W J R Alexander, F Bailey, D B Bredenkamp, A van der Merwe and N Willemse Journal of the South African Institution of Civil Engineering • Volume 49 Number 2 June 2007 pp 32-44
      https://www.up.ac.za/dspace/bitstream/2263/5326/1/Alexander_Linkages(2007).pdf

      • CO2 LAGS global temperature
        The phase relation between atmospheric carbon dioxide and global temperature, Ole Humlum, Kjell Stordahl, Jan-Erik Solheim, Global and Planetary Change Available online 30 August 2012 http://dx.doi.org/10.1016/j.gloplacha.2012.08.008

        We find a high degree of co-variation between all data series except 7) and 8), but with changes in CO2 always lagging changes in temperature. The maximum positive correlation between CO2 and temperature is found for CO2 lagging 11–12 months in relation to global sea surface temperature, 9.5-10 months to global surface air temperature, and about 9 months to global lower troposphere temperature. The correlation between changes in ocean temperatures and atmospheric CO2 is high, but do not explain all observed changes.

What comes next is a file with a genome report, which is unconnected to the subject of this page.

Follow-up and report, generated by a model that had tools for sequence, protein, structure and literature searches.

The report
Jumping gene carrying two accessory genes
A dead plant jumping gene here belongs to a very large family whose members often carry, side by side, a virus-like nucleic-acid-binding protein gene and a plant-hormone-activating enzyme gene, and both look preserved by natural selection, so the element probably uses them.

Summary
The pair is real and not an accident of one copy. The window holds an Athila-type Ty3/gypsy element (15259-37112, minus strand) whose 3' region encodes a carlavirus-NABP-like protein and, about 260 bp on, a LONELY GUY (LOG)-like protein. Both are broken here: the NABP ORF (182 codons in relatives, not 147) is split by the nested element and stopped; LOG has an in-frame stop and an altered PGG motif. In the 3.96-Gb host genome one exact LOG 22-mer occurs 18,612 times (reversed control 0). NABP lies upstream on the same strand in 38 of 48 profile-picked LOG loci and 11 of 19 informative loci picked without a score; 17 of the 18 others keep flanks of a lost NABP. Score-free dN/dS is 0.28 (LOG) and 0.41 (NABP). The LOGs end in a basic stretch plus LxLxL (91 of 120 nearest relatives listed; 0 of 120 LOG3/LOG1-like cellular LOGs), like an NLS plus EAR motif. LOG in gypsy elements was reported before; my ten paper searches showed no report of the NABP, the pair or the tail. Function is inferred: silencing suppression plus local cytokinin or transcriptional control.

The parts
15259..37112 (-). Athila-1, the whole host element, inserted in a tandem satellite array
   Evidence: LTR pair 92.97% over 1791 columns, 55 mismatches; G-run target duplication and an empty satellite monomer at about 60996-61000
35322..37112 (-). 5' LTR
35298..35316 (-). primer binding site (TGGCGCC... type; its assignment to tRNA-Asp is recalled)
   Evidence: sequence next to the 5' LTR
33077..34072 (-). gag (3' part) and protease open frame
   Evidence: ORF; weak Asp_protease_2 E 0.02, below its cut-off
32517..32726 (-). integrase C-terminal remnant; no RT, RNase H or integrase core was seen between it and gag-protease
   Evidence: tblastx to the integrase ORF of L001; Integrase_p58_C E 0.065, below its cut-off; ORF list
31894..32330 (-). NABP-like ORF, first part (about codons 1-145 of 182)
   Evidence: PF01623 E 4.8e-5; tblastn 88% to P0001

Discussion: Review of Humlum Et Al 2012 “The Phase Relation Between Atmospheric Carbon Dioxide And Global Temperature” By Donald Rapp

        “A main control on atmospheric CO2 appears to be the ocean surface temperature”. . . .the common belief is that rising CO2 produces an increase in the rate of warming, not vice versa. Their data suggests quite the opposite. . . .